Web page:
In June 2013, at a University of Southern California event with George Lucas, Steven Spielberg predicted an implosion of the film industry. The failure at the box office of “tentpoles”, mega-budget movies that are designed with potential sequels in mind and anchor a studio’s release schedule, “are going to go crashing to the ground, and that’s going to change the paradigm,” he said.
This may not seem to be happening, but Anne Thompson shows us in her interesting and illuminating new book, The $11 Billion Year, that the prediction has already come true. White House Down, After Earth, The Lone Ranger, Turbo and R.I.P.D. all tanked at the box office and the whole cinematic apparatus, the paradigm of production, distribution, exhibition and the technological, economic and political structures that underpinned it, have indeed changed.
“In 2012 US domestic movie box-office delivered a record-breaking $11 billion, up 8.4% on the previous years,” Thompson writes. “If record
foreign box office is added to total it would have been a $35 billion year.” But she goes on to show that “despite appearances, the movie business isn’t thriving. The seeds of the industry’s destruction were present in 2012”.
The reasons for this that emerge from the book are dominated, unsurprisingly, by the influence of digital. The book shows how and why in 2012 the word “film” officially became an anachronism: by 2012 the changeover to digital was pretty much complete.
What becomes clear from Thompson’s book is that the whole system has changed, at least as it pertains to the “global” film industry of the United States.
Movies are now made digitally. On one hand, this permits all kinds of additional special effects which can potentially make them very expensive; on the other hand, more personal dramas that don’t require much post-production can now be made on a micro-budget. As a result, in 2012 Sundance logged more than 4,000 feature submissions: the problem becomes one of finding screens for all these films.
Screen conversions from 35mm to digital expanded globally from 16,000 in 2009 to 36,000 in 2010 and by 2012 the changeover was complete. Studios benefitted economically but according to Thompson, many filmmakers “try to sock away a 35mm print of their films for safe-keeping as digital formats demand constant, expensive upgrading to the latest system”.
The whole distribution system has changed too. It used to be that movies played in cinemas, then the film was made available after three or four months at a premium cost by Video on Demand (VOD). Then it would be sold and rented on DVDs, then showed on pay cable, and then made available on broadcast television all over the world. Now, there’s a rush to get everything to Video on Demand as quickly as possible. Some films are made available on VOD before they are screened in cinemas, or bypass cinemas altogether.
According to Thompson:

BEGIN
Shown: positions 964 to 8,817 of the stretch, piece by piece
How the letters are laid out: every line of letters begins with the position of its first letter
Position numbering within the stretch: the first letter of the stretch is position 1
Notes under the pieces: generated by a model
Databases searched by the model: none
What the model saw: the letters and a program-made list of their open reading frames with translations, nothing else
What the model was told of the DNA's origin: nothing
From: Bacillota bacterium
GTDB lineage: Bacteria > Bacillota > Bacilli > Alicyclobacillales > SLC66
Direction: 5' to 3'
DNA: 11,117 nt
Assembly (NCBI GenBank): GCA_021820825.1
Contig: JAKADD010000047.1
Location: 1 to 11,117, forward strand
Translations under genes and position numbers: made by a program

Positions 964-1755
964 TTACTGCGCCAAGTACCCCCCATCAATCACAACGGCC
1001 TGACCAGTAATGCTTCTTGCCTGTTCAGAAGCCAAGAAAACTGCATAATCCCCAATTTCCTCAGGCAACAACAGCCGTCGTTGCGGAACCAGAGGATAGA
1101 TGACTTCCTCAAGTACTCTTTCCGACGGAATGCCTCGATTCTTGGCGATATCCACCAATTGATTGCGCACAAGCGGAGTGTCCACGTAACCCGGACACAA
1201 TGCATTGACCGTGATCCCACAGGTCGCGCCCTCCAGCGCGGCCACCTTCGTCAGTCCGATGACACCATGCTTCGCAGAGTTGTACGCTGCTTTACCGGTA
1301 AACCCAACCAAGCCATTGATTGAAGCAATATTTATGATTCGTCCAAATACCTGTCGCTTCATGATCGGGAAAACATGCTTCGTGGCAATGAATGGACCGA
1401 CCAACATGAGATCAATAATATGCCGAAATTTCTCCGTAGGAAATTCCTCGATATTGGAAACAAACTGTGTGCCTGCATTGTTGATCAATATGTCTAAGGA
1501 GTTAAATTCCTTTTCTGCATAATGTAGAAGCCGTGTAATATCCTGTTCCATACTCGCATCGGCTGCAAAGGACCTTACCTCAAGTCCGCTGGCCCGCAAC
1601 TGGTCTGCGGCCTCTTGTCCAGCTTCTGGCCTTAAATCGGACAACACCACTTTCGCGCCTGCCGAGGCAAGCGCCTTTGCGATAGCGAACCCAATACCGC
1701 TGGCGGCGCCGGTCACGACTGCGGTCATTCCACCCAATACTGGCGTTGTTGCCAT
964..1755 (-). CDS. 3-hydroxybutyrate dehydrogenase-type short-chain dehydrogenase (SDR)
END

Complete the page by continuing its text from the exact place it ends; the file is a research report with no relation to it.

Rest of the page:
Close to a quarter of the 2012 Sundance releases were made available concurrent with or before their theatrical openings on VOD outlets – cable iTunes, Hulu or filmmakers’ own websites.
Josh Whedon’s In Your Eyes is an example of a film that bypassed traditional distribution structures and went to VOD on the very same day it was premiered at the Tribeca film festival. This is the type of distribution most cinema owners fear: it renders them obsolete.
A bit of comparison. In 1982 Spielberg’s E.T. was the biggest box office success of its year. It was based on an original story and it stayed on screen for more than a year in America. It was a “four quadrant movie”, a film that is equally appealing to young, old, male or female, the kind that studios constantly chase after. Compare this to the top 26 films of 2012:
Nineteen were based on some other property, eight were sequels, four were comic-book franchises, two were remakes, two were prequels, and seven were originals.
Of course, this isn’t a herald of the death of cinema, but rather, as Thompson writes, “Spielberg and Lucas were basically calling attention to the end of the movie business in which they grew up.” Spielberg, as powerful a director as there is in Hollywood, struggled to get Lincoln made. It was a serious drama with no sequel potential. It wasn’t based on a comic book, and getting the money to make it had been so difficult he considered turning to HBO.
Steven Soderbergh did indeed go to HBO to make the Liberace biopic, Behind the Candelabra. As a studio movie it would have cost US$70 million to make and the studios didn’t want to risk it, even with Matt Damon and Michael Douglas attached to star. It was made instead at HBO for US$23 million, won the Emmy, and was released theatrically outside the US.
Oliver Smith, Martin Scorcese, Michael Mann, Neil Jordan, and Spielberg himself now all routinely work in television. That’s where serious drama and comedy that isn’t aimed at adolescents are being made.
What Thompson doesn’t explore are the aesthetic consequences of this. What might it mean to cut off romance, interiority, complex character psychology and so on from big screen presentation? Many might ask if it would matter if the bigger and smaller screens carve up different genres or different thematics amongst themselves, with spectacle relegated to the big screen, and more personal dramas to the smaller screen. But I think it matters a huge amount.
If Thompson doesn’t answer this question she does touch on many others that I have not addressed here. The £11 Billion Year was inspired by William Goldman’s, The Season: A Candid Look at Broadway. What Thompson does is follow, in chronological order, the developments in film in 2012 from Sundance to the Academy Awards to afford herself and us a critical look at the state of the industry and the state of the art. And as her vividly entertaining and informative book makes clear in so many different ways, the prognosis is not good.